Hot paper bag pastrami, fontina and pickled cucumber sarnie with parsnip and carrot crisps

Hot paper bag pastrami, fontina and pickled cucumber sarnie with parsnip and carrot crisps

By
From
More Home Comforts
Serves
4
Photographer
Peter Cassidy

The team thought I was going mad when I made this. I wanted an old army ammo tin to cook it in, but the producers of the show would only let me go so far. Pastrami is an amazing thing to see being made – the meat is coated in a rub to cure it, then smoked, then steamed to produce that fantastic flavour.

Ingredients

Quantity Ingredient
150ml rice wine or cider vinegar
50g caster sugar
2 teaspoons sea salt
1 teaspoon yellow mustard seeds
1 cucumber, thinly sliced
1 small bunch dill, roughly chopped
12 slices wheat ’n’ rye sourdough bread
40g softened unsalted butter
1 tablespoon dijon mustard
300g thinly sliced pastrami
400g sliced fontina cheese
vegetable oil, for deep-frying
3 parsnips, peeled into ribbons
3 carrots, peeled into ribbons
sea salt
freshly ground black pepper

Method

  1. Preheat the oven to 200°C.
  2. Put the rice wine vinegar, sugar, salt and mustard seeds into a saucepan, and heat until simmering and the sugar has dissolved. Put the cucumber into a bowl and pour the hot vinegar mixture over the top, add the dill, then stir well and set aside to infuse.
  3. Meanwhile, toast all the sourdough bread and spread with butter. Lay four slices on a board, butter-side up, and spread with a little mustard. Top with half the pastrami, then half the cheese and a layer of pickled cucumber. Place a second piece of bread on top of each sandwich, spread with mustard, and repeat the layers of pastrami, cheese and pickled cucumber. Top with the last piece of bread so you have four three-storey sandwiches.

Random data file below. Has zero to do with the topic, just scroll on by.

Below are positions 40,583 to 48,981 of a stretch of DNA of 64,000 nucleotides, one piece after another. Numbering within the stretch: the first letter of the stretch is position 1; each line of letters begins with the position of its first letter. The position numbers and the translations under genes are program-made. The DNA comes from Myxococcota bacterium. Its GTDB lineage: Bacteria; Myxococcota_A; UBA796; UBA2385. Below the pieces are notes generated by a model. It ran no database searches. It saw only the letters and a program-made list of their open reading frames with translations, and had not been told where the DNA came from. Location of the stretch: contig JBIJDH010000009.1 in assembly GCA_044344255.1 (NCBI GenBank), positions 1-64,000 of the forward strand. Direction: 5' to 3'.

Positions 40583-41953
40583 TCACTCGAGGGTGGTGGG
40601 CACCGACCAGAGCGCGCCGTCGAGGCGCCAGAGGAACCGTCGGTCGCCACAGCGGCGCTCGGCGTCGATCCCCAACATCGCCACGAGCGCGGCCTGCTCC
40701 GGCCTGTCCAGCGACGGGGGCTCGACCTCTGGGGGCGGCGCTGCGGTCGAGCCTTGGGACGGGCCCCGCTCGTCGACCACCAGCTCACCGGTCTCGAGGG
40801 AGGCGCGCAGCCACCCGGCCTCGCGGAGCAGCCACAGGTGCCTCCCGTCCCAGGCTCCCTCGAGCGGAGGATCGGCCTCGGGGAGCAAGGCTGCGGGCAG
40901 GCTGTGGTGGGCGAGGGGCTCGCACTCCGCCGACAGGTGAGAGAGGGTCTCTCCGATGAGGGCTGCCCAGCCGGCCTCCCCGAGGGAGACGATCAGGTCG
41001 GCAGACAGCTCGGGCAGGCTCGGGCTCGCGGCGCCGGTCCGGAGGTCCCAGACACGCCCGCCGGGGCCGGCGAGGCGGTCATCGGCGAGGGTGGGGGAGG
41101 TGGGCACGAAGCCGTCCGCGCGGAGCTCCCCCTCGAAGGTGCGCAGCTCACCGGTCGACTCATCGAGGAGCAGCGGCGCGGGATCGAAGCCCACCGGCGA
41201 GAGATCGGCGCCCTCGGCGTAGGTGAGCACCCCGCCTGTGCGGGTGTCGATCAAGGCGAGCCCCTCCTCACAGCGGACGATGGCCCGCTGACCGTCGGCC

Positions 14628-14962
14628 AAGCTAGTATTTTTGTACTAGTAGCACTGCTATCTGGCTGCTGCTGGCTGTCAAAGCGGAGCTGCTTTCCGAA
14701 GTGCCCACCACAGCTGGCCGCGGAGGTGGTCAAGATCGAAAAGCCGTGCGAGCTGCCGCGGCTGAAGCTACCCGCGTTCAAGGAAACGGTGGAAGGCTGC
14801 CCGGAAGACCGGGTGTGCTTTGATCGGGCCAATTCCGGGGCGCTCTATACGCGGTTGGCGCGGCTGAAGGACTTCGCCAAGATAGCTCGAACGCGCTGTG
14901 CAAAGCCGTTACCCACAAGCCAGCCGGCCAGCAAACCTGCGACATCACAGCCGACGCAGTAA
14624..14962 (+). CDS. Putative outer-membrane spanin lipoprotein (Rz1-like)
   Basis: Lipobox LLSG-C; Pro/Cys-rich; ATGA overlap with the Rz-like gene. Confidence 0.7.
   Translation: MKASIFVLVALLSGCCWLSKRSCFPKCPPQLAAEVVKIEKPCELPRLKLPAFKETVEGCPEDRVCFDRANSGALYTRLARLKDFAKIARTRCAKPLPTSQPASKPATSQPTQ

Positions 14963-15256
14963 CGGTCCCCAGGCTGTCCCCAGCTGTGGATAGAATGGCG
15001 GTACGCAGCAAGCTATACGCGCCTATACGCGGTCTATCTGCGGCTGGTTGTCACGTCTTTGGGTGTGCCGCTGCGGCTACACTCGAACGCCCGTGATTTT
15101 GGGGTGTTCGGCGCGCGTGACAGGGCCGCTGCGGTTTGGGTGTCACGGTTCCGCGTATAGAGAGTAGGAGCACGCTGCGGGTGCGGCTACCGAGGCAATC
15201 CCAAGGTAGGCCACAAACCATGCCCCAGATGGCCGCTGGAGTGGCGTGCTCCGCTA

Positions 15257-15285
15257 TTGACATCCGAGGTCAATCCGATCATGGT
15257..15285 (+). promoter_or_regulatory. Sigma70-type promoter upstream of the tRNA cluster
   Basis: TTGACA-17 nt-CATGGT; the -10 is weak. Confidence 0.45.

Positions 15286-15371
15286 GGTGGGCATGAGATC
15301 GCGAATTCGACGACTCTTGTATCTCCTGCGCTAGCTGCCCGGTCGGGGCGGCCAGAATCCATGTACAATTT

4. Take four large sheets of baking parchment and wrap each sandwich individually in the parchment, then secure with string. Place the parcels on a baking sheet in the oven and bake for 10 minutes, until hot through.
  5. Heat a deep-fat fryer to 160°C, or heat the oil for deep-frying in a deep heavy-based frying pan until a breadcrumb sizzles and turns brown when dropped into it. (CAUTION: hot oil can be dangerous. Do not leave unattended.)
  6. Carefully lower the parsnip and carrot peelings into the oil in batches, and fry for 4–5 minutes, until crispy but not browned – you want to dry the peelings out, without letting them get burnt. Drain on kitchen paper and toss with salt.
  7. Serve the hot sandwiches with a pile of parsnip and carrot crisps.
Tags:
Home Comforts
British food
classic recipes
indulgent
winter
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